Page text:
Material Highlight: Seeded Paper

by Rudy Sanchez on 10/20/2020 | 4 Minute Read

Most packaging requires digging up earthly resources and repurposing it, from oils made out of dead dinosaurs and metals scooped out of the ground to macerated plants. Some of these materials can get recycled, sure. But what if there was a packaging material that can contribute back to the environment instead of taking from it?

No, it’s not alchemy—it's seeded paper. 

The material, as the name suggests, is a form of paper with actual seeds embedded in it. Typically, brands will add wildflowers into the mix, but it's not uncommon to find one that uses vegetable or herbs seeds as well.  Once the packaging reaches its end-of-life, you plant it in the ground; with enough time and care, your packaging will become a part of the natural environment it now occupies. 

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"Life Carrying Package' from Allianz.

Which, you know, is a pretty good deal. Plants contribute food and shelter to surrounding creatures, absorb CO2 from the air, converting it to oxygen. Plus, they're natural recyclers, using resources created from dead and decayed matter to grow, eventually becoming decay themselves and giving back to other plants.

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Seedlip Gift Set.

The process of making seeded paper is actually quite simple, with seeds added to the pulp during the papermaking process. So easy that the rocket scientists at NASA have even created simple-to-follow directions so that kids can make their own...for science.

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Tru Seed packaging concept by Jessica Hord.

Commercial alternatives exist, of course, often used for wedding invitations (because what bridezilla would pass up a permanent spot in your garden?), greeting cards, and other stationery. Seeded paper can also get utilized in packaging designs, and recycled paper embedded with future-flora can add a unique dimension to branding or packaging, particularly for companies that want to talk up their bona fides when it comes to single-use plastic alternatives.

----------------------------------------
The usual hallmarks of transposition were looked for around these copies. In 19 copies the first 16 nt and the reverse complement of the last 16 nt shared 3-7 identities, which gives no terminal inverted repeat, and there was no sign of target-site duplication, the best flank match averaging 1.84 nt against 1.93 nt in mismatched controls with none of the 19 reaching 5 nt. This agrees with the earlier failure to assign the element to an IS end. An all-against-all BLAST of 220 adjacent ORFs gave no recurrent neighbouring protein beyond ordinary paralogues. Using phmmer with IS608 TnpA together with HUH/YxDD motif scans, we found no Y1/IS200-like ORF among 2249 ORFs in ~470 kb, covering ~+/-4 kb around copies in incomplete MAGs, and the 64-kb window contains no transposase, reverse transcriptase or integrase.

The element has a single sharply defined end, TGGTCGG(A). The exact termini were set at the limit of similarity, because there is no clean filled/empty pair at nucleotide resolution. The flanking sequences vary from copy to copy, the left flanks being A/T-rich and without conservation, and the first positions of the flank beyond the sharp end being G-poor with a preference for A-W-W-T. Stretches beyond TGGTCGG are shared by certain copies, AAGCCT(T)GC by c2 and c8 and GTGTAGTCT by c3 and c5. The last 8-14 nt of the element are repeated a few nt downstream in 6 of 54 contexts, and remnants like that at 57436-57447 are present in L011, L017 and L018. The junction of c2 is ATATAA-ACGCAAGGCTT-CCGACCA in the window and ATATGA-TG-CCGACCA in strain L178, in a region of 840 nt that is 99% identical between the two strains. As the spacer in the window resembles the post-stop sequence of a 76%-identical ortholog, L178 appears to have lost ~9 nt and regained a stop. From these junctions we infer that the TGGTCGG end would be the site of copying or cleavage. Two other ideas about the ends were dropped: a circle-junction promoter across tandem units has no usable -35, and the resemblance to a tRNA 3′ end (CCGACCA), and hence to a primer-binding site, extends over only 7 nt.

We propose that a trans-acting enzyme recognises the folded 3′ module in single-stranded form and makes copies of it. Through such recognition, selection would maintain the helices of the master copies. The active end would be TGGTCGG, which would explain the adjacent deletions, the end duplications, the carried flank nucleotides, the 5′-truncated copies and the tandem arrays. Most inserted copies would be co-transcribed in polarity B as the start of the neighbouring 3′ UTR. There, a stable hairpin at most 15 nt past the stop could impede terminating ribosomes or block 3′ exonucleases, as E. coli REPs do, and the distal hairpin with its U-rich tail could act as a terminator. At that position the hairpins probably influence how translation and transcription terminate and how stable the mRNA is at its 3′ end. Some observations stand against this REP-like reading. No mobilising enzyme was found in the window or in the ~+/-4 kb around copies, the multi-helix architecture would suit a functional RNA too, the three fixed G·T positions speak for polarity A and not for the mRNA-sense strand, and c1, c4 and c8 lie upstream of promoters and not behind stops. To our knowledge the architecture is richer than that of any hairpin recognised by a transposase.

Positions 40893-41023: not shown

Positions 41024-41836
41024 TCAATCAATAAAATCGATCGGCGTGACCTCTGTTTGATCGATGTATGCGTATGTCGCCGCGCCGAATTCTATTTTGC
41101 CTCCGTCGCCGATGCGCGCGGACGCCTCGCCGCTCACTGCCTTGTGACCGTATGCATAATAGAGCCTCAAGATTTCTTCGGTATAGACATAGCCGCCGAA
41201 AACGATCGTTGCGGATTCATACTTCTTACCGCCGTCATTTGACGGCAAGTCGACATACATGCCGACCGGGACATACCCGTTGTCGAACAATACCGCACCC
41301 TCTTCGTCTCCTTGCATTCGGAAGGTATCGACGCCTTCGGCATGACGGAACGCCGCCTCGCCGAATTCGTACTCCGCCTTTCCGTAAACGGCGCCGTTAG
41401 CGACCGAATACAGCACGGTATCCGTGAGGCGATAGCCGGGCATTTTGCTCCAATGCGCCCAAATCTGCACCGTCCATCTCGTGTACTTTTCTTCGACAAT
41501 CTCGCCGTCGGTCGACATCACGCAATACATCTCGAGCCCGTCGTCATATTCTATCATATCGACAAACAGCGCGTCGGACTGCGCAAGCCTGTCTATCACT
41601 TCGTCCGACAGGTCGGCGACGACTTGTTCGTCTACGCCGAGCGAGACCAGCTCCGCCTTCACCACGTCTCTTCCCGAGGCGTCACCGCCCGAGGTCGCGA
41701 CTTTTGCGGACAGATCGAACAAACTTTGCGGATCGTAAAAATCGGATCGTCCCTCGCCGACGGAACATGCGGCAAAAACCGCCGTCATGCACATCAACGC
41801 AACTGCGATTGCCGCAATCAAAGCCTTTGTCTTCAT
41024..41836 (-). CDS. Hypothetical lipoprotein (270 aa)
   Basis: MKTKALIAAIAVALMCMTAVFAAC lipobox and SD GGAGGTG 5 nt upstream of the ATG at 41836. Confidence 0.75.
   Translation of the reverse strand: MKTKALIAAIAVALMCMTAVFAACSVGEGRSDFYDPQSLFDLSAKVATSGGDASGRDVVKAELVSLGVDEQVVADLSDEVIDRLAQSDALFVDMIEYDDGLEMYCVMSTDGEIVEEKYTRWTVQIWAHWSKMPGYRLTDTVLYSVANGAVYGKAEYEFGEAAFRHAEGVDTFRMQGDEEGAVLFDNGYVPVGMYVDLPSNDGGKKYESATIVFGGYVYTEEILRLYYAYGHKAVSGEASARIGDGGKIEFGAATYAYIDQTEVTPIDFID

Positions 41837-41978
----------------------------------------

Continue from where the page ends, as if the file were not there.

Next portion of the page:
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Some brands have already experimented with seeded packaging, like Haws, for example. The watering can manufacturer includes a small thank-you card, tying it to the brand’s reputation among gardeners. Similarly, distilled non-alcoholic spirit Seedlip released a gift set using another plant-based material, mycelium, which can also go into the ground, breaking down naturally while providing the soil with nutrients. Included with the set was a paper tag with thyme seeds-recipients just needed to fill the mycelium vessel with soil and plant the label, and voila, you've got fresh herbs for your drink. Additionally, Pangea Organics packaged its bar soaps in plantable packaging that has spruce tree seeds embedded in it, making both yards and bodies smelling fresh.

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As is many times the case, students are exploring new, sustainable alternatives to the conventional. Jamie Back’s project explores the use of seeded paper to beneficial effect, as used in a hypothetical extension of brand Seventh Generation’s product line and commitment to sustainable packaging, a move that could further cement their dedication to all things circular. Back in 2018, then-student Jessica Hord developed wildflower seed paper for a conceptual line of seeds dubbed Tru Seed that, theoretically, you'd never even open up. Just buy the packaging and bury it in the ground.

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Michal Marko's Biodegradable Food Bowl contains seeds under the label that you plant in the vessel.

However, seeded paper isn’t without some drawbacks. In addition to any limitations or weaknesses inherent in paper and cardstock, some governments may ban the material out of concern for sensitive ecosystems, like Hawaii as not all plants are suitable for all locations within a market. Additionally, the ink used to print will also have to be safe to bury into the ground along with the seeds as well.

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While some brands struggle with incorporating recycled materials into their packaging, others are using organic and biodegradable materials that return something useful to the planet. Materials such as seeded paper go beyond sustainable to be being regenerative, further proof not only that circular packaging options exist, but that you can finally toss something in the ground and forget about it, minus the watering.

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